We know that physical activity is important for health, but how is it important? Is it simply the sum of energy expended while active that matters, or are there optimal ways to expend the same amounts of energy? National and international physical activity guidelines encourage adults to accumulate 150 to 300 minutes per week of moderate intensity physical activity, or 75 to 150 minutes of vigorous intensity physical activity, or an equivalent combination of both, and to break up periods of prolonged sitting.

People who achieve these physical activity guidelines thresholds accumulate their activity in many different ways. For example, some might do 30 minutes of moderate-intensity PA on 5 days each week (e.g. walking to/from work), while others do 75 minutes of vigorous-intensity PA on a single day (e.g. playing competition tennis on a Sunday morning).

As movement has been engineered out of most occupations, and as sedentary transport modes have become more common, new questions about how people accumulate physical activity in everyday life have arisen.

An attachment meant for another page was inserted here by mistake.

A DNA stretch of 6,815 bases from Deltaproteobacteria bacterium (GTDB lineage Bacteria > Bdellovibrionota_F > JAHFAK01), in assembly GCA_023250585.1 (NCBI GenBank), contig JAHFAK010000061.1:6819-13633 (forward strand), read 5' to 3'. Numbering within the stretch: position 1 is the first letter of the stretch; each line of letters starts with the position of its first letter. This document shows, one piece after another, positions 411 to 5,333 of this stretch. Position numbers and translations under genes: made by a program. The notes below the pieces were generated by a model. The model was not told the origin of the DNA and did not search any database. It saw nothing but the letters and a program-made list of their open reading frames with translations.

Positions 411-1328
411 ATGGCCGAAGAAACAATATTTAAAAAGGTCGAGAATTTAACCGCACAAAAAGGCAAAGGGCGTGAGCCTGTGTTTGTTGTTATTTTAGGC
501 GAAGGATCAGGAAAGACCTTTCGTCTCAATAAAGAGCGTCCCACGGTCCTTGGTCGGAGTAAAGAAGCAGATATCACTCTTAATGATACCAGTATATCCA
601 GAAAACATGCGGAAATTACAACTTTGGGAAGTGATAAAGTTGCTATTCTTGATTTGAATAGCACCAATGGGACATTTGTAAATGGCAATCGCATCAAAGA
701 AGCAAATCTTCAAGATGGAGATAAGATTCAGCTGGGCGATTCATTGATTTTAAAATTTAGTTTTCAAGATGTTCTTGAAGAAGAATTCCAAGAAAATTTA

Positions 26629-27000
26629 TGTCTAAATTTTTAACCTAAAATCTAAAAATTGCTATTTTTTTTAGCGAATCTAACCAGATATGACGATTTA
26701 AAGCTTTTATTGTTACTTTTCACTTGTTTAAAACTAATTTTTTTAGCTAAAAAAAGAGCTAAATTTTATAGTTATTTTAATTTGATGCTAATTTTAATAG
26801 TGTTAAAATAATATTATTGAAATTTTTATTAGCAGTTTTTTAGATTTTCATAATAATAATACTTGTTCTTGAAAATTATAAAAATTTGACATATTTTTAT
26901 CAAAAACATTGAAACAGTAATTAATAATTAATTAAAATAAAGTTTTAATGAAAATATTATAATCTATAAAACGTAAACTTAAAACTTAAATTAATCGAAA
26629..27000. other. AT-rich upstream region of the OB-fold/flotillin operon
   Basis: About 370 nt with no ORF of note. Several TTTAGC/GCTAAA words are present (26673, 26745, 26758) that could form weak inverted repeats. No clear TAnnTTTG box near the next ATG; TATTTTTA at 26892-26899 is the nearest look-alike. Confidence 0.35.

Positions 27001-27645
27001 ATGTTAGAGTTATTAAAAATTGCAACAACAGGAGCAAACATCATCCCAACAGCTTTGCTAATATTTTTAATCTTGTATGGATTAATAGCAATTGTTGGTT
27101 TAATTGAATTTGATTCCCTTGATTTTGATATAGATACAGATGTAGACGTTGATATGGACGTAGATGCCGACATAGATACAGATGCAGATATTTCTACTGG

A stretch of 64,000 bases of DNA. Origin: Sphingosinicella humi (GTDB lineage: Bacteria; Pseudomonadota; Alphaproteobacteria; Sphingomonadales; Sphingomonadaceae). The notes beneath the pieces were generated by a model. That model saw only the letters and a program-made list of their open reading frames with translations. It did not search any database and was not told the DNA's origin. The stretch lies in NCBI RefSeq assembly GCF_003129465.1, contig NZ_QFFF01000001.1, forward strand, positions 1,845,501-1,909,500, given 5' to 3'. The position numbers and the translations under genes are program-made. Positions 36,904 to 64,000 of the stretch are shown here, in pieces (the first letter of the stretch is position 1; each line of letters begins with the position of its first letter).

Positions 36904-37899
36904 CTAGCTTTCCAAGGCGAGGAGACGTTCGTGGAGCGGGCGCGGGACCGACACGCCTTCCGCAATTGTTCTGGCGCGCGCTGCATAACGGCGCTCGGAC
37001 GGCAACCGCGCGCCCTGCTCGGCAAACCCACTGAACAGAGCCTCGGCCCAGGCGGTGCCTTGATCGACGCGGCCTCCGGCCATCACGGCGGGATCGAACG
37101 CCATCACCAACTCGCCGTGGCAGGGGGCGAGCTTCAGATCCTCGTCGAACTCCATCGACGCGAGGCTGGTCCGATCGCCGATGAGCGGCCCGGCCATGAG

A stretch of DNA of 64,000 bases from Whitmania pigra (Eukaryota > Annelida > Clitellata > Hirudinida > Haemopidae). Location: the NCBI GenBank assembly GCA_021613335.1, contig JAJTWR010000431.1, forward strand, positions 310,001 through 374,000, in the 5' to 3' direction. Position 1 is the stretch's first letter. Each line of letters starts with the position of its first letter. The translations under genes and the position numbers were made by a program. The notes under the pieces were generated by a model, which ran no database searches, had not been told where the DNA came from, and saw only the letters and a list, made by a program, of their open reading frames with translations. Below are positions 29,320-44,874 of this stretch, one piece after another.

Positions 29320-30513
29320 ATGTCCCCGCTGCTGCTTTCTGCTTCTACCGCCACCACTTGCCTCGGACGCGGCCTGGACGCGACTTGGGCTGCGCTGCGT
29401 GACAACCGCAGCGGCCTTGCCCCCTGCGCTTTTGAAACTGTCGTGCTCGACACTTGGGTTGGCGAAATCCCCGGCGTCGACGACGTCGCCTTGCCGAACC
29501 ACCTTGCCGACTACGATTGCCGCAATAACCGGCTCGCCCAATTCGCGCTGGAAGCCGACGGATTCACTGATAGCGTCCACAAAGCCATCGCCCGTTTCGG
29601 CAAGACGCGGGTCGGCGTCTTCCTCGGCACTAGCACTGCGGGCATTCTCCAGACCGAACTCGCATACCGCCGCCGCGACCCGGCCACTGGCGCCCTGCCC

About Dr Gregore Mielke: Dr Mielke is a UQ Development Fellow with the UQ School of Human Movement and Nutrition Sciences. Gregore has worked with the Centre for Research on Exercise, Physical Activity and Health (CRExPAH) researchers on the Australian Longitudinal Study on Women's Health (ALSWH) and HABITAT studies, and collaborated with other higher degree students on several exercise physiology projects. Gregore's interest is in measuring and understanding inequalities in population health, particularly in relation to physical activity and sedentary behaviour.


About 2020 HaBS Alumni Webinar Series

The HaBS Alumni Webinar series is an initiative to broadcast fascinating insights from within the Faculty of Health and Behavioural Sciences featuring leading researchers within the faculty.